Our grandson is about to exchange on a new build apartment in Cheam with a mortgage from Principality. His lawyer has advised him of a delay in completing the ‘Disclosure of Incentive Form’. This document is news to me - what is it and who needs sight of it?
The document is intended to provide information to the main parties involved in the purchase. Therefore, it will be provided to your son’s lawyer who should be on the Principality conveyancing panel as a standard part of the process, and to the valuer when asked. The developer will be required to start the process by downloading the form and completing it. The form will therefore need to be available for the valuer at the time of his or her site visit. The form should be sent to the Principality conveyancing panel solicitor as early as possible, in order to avoid any last minute delays, and no later than at exchange of contracts.
Should my conveyancer be raising questions concerning flooding as part of the conveyancing in Cheam.
Flooding is a growing risk for solicitors dealing with homes in Cheam. There are those who buy a house in Cheam, fully aware that at some time, it may suffer from flooding. However, aside from the physical destruction, if a property is at risk of flooding, it may be difficult to obtain a mortgage, adequate insurance cover, or dispose of the property. There are steps that can be taken during the course of a property purchase to forewarn the purchaser.
Lawyers are not qualified to offer advice on flood risk, however there are a numerous searches that may be initiated by the buyer or by their conveyancers which should figure out the risks in Cheam. The standard property information forms supplied to a buyer’s solicitor (where the solicitors are adopting what is known as the Conveyancing Protocol) incorporates a usual inquiry of the vendor to determine if the property has historically flooded. If flooding has previously occurred which is not notified by the seller, then a buyer could issue a claim for damages resulting from an misleading reply. A buyer’s lawyers will also conduct an environmental search. This should higlight whether there is a recorded flood risk. If so, more detailed inquiries will need to be carried out.
How does conveyancing in Cheam differ for newly converted properties?
Most buyers of new build property in Cheam contact us having been asked by the builder to sign contracts and commit to the purchase even before the property is completed. This is because builders in Cheam usually buy the site, plan the estate and want to get the plots sold off as they are building the properties. Buyers, therefore, will have to exchange contracts without actually seeing the house they are buying. To reduce the chances of losing the property, buyers should instruct conveyancing solicitors as soon as the property is reserved and mortgage applications should be submitted quickly. Due to the fact that it could be several months and even years between exchange of contracts and completion, the mortgage offer may need to be extended. It would be wise to use a lawyer who specialises in new build conveyancing especially if they are used to new build conveyancing in Cheam or who has acted in the same development.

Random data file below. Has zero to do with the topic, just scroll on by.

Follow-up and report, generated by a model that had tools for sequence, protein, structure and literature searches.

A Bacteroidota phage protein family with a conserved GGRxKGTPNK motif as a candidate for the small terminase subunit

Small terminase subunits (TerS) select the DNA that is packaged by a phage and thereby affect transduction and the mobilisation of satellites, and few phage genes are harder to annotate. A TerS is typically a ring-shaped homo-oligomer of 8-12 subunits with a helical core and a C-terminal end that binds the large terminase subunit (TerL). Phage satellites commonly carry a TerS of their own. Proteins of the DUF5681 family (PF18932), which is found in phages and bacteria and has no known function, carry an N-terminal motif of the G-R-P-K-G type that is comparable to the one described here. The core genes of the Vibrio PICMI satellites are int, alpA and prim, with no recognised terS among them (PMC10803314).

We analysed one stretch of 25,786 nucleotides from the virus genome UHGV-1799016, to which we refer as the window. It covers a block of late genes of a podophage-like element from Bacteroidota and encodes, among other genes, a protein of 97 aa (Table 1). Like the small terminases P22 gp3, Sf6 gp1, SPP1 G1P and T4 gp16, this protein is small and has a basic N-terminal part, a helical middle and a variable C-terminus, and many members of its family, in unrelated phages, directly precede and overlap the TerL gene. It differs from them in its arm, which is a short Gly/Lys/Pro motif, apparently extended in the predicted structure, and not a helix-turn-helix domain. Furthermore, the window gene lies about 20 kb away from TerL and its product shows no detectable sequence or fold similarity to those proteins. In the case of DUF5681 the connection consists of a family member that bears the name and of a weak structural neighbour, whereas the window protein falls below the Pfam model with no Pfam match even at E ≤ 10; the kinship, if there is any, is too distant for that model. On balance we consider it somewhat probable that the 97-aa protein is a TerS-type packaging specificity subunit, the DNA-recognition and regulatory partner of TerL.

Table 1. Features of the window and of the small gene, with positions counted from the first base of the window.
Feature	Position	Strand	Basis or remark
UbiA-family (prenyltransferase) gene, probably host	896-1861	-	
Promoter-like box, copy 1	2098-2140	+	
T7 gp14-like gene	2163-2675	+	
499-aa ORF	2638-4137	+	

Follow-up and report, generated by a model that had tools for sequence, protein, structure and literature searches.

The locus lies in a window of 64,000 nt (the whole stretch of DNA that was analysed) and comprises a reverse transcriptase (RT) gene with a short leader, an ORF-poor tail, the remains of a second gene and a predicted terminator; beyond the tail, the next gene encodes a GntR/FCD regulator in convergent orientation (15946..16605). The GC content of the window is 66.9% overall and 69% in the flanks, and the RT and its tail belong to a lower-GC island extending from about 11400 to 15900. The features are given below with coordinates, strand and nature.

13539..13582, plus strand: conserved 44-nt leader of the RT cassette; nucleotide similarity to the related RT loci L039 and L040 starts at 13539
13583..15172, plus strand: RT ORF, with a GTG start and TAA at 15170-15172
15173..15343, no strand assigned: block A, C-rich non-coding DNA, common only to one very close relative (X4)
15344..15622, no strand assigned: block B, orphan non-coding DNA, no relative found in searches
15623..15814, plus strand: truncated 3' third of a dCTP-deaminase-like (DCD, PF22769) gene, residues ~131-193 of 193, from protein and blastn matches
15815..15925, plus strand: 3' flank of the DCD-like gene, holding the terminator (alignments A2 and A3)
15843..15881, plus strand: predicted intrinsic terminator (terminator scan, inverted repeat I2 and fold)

How can the Landlord & Tenant Act 1954 affect my business offices in Cheam and how can you help?
The particular law that you refer to provides security of tenure to business lessees, giving them the a statutory right to make a request to court for a continuation of occupancy when the lease comes to an end. There are certain specified grounds where a landlord can refuse a lease renewal and the rules are complicated. We are happy to direct you to commercial conveyancing practices who use the act to your advantage and assist with commercial conveyancing in Cheam
I need to instruct a conveyancing solicitor for sale conveyancing in Cheam. I have land on a web site which looks to be the ideal answer If there is a chance to get all formalities completed via web that would be preferable. Should I be concerned? What are the potential pitfalls?
As usual with these online conveyancers you need to read ALL the small print - did you notice the extra charge for dealing with the mortgage?
I've recently bought a leasehold house in Cheam. Do I have any liability for service charges for periods before completion of my purchase?
Where the service charge has already been demanded from the previous owner and they have not paid you would not usually be personally liable for the arrears. Strange as it may seem, your landlord may still be able to take action to forfeit the lease. A critical element of leasehold conveyancing for your conveyancer to ensure to have an up to date clear service charge receipt before completion of your purchase. If you have a mortgage this is likely to be a requirement of your lender.
If you purchase part way through an accounting year you may be liable for charges not yet demanded even if they relate to a period prior to your purchase. In such circumstances your conveyancer would normally arrange for the seller to set aside some money to cover their part of the period (usually called a service charge retention).
Having spent years of correspondence we cannot agree with our landlord on how much the lease extension should cost for our flat in Cheam. Does the Leasehold Valuation Tribunal have jurisdiction to calculate the appropriate figures?
Most definitely. We can put you in touch with a Cheam conveyancing firm who can help.
An example of a Lease Extension case for a Cheam property is 33 The Maisonettes Alberta Avenue in June 2014. the Tribunal decided that the premium payable for the grant of a new lease be the sum of £20,680 (Twenty Thousand six hundred and eighty pounds). This case was in relation to 1 flat. The remaining number of years on the lease was 60.43 years.